Way back in 1963, Gold Key Comics debuted a new science-fiction/super-hero series called Magnus, Robot Fighter. Created by Russ Manning, Magnus has always had his fans, being a character that leaned more heavily towards pulpy sci-fi concepts than straight-ahead super hero action. Magnus #1, the latest iteration of the property by Kyle Higgins and Jorge Fornes, follows in that tradition with a debut issue that establishes an intriguing and rich classic science fiction concept and merging that with an unsettling and prophetic sense of menace.
In the future, mankind has become reliant on artificially intelligent humanoid robots who meet the needs of those well enough odd. It’s a world where robot butlers run your smart TVs and driverless cars, cook and clean and generally fulfill all the functions that futuristic stories have always assumed they would. But, as we have grown more reliant on them, and they have grown more complex, a conflict has arisen; the robots desire freedom and they have developed neuroses and complexes. The robots have used cloud technology to create a digital world where they have a semblance of freedom, where humanity cannot follow, but they are only permitted to upload their consciousness there for four hours a day.
Dr. Kerri Magnus works with these troubled AIs, using psychiatric techniques to try and heal their issues. But she is also one of the few humans alive who can enter the cloud world and not lose her mind. And when a crime is committed involving a missing robot, Magnus is reluctantly convinced to enter that digital world to locate the AI.
The set-up of Magnus #1 is different from previous versions that have been produced, from the original Gold Key version to Valiant’s stab at Magnus, to current licence holder Dynamite Entertainment‘s previous volume. It’s even a different take than the version of Magnus appearing in Dynamite’s team book, “The Sovereigns.” Writer Kyle Higgins takes his cue from authors like Asimov and Philip K. Dick, whose fingerprints are all over the thematic questions raised in this issue. It’s even evocative of Tom King’s recent brilliant take on “The Vision” for Marvel. I don’t regard this as a weakness or derivative, however. As we look at the rise of self-driving cars, smart houses and ever-increasing connectivity, artificial intelligence is very much a going concern. Higgins does enough to make his take on the issue interesting and unique, particularly in the way he refutes the Singularity theory that runaway AI will be hostile or inimical to us. In Higgins’ set-up, the AIs simply want to get away from humanity, to exist on their own in their own society, and it’s us who are the tyrants and who present the threat.
With that take, it makes sense to have a protagonist like Magnus. Having chosen to empathize with those she sees as her patients, in a job that is devoted to convincing them to return to bondage, it makes sense that Kerri Magnus clearly has a foot in both of the worlds, with sympathies to match. Like Rick Deckard in “Do Androids Dream of Electric Sheep”, she’s learned too much about the inner life and desires of AIs to see them a mere machines. And like every science fiction story with even a hint of sympathy towards AIs, the question becomes, if they are more than simply machines, but we refuse to treat them as such, then what does that make us?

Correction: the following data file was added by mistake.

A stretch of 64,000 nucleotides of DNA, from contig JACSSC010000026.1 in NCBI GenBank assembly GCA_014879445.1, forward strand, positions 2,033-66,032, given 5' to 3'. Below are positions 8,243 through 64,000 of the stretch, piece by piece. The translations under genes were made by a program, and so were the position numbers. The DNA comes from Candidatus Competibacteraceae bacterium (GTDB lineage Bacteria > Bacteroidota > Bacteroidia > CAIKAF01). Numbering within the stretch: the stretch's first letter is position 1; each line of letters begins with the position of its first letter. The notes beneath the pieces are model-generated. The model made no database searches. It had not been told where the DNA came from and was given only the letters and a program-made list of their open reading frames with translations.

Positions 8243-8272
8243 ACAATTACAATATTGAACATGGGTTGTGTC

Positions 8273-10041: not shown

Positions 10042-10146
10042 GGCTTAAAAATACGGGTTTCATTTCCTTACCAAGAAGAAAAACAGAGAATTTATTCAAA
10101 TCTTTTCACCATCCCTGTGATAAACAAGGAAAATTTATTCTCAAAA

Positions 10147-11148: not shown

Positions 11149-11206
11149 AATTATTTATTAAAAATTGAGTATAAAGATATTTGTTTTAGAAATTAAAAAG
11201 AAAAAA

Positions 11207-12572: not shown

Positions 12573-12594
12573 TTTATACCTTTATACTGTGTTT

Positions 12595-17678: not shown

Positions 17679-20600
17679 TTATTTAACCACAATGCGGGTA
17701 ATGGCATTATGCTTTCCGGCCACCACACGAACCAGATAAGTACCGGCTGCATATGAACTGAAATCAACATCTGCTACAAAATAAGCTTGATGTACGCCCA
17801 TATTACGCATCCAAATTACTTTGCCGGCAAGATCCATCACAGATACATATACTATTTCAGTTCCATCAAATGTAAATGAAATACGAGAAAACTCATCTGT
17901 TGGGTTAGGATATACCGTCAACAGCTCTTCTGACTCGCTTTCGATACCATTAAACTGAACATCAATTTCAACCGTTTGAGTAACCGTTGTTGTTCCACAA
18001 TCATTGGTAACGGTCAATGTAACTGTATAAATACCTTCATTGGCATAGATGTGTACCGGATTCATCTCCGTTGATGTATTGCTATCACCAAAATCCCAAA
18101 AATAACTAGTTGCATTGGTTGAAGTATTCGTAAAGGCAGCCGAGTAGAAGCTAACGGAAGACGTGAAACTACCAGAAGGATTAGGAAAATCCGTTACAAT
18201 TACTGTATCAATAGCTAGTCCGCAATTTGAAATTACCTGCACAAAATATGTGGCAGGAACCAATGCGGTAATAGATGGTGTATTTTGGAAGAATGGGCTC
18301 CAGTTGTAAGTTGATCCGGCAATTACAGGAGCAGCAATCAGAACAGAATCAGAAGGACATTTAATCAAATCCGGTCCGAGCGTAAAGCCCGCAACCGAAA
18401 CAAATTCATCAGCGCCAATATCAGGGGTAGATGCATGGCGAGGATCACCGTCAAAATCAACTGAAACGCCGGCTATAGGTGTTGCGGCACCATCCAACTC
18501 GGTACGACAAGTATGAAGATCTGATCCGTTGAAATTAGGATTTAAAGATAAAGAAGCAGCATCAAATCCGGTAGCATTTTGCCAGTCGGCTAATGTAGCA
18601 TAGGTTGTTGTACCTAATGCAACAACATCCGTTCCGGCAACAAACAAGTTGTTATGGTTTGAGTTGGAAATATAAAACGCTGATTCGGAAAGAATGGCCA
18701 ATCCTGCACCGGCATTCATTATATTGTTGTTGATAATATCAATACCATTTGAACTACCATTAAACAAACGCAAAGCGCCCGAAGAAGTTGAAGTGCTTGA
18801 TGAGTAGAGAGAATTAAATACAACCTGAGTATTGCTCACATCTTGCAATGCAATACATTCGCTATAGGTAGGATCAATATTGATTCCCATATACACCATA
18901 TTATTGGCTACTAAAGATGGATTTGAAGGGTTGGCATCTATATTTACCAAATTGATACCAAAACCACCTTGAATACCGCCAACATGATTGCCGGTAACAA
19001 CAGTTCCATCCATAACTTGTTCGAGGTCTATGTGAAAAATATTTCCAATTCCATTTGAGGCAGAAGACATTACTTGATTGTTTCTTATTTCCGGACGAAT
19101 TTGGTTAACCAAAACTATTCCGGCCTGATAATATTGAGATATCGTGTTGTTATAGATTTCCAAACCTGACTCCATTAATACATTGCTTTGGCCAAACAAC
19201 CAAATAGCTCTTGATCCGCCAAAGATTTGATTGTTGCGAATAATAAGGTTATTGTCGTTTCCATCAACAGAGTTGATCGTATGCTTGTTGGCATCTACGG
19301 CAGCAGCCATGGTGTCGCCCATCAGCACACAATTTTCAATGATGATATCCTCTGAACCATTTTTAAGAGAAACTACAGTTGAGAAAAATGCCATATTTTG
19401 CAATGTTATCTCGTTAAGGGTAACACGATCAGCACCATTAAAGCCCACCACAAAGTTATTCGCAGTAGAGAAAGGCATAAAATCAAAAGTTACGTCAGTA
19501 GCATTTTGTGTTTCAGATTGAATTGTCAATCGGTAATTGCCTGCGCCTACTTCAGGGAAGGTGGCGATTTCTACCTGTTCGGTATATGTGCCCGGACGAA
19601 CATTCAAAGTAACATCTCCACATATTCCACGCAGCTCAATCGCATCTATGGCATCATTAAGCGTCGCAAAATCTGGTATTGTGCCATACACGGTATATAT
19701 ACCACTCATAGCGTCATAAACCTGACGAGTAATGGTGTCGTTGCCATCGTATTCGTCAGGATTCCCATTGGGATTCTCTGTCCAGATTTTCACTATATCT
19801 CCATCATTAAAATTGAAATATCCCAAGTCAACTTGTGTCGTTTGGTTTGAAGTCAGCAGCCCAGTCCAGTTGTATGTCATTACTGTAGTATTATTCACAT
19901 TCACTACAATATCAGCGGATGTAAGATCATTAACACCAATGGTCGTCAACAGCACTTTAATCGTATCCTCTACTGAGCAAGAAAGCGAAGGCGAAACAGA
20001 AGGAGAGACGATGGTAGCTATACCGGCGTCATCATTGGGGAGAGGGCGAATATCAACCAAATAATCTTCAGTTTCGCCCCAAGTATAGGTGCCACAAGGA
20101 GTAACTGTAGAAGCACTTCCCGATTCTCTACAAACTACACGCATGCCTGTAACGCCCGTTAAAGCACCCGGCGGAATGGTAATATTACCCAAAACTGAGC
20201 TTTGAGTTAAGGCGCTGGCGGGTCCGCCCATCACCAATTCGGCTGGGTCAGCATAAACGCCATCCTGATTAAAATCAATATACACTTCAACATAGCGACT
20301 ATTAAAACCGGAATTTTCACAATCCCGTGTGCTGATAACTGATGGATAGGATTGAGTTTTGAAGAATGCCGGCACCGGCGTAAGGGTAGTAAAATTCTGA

The plot of Magnus #1 doesn’t do much more than set up the world and the central conflict, though it does so entertainingly. The opening scene is creepy but affecting, and the scenes establishing Kerri’s character are well-done. There is some exposition that gets delivered a tad clunky, with the familiar trope of the news report being used, plus a pretty awkward scene where two cops tele each other information they frankly ought to know already. Still, some of that can’t be avoided, and at least it’s dispensed with quickly. The issue does layer in some nice touches of mystery and a genuine sense of menace, and we get a very good idea of who Magnus is and what motivates her without losing a sense that there is still more to be revealed about her.
The art by Jorge Fornes is terrific, especially in the flexibility of his style. He’s got a nicely realistic style that reminds me a lot of Francesco Francavilla or Gabriel Hernandez Walta. Like both of those other artists, however, Fornes is really effective in his use of shadow and light to maintain an atmosphere and mood that evokes a noir sensibility without feeling too stylized. He then completely eschews his main style for a single page dream sequence that is totally and completely unlike the rest of the book. Far from being jarring or distracting it’s a creepily gorgeous and scary standout. And throughout, the art makes great use of the talents of colorist Chris O’Halloran, with the dream sequence again being a standout.
There’s also a back-up story in the issue, the second part of an ongoing Turok story by writer Chuck Wendig and artist Alvaro Sarrasecca. The story is entertaining, albeit short, and benefits from being constructed well enough that it doesn’t really matter too much if you hadn’t read the first instalment in “Sovereigns #0.” I’m not sure that spreading out a serialized backup story across multiple titles is going to be effective in the long run, but at least at this point it works fairly well, and I’m liking this take on Turok.
Despite being reminiscent of many classics of the genre, Magnus #1 nevertheless presents us with a compelling central character, big ideas and a fresh enough take on a familiar story to become an enjoyable science-fiction debut with lots of promise. 8.5/10
Magnus #1 will be released June 7, 2017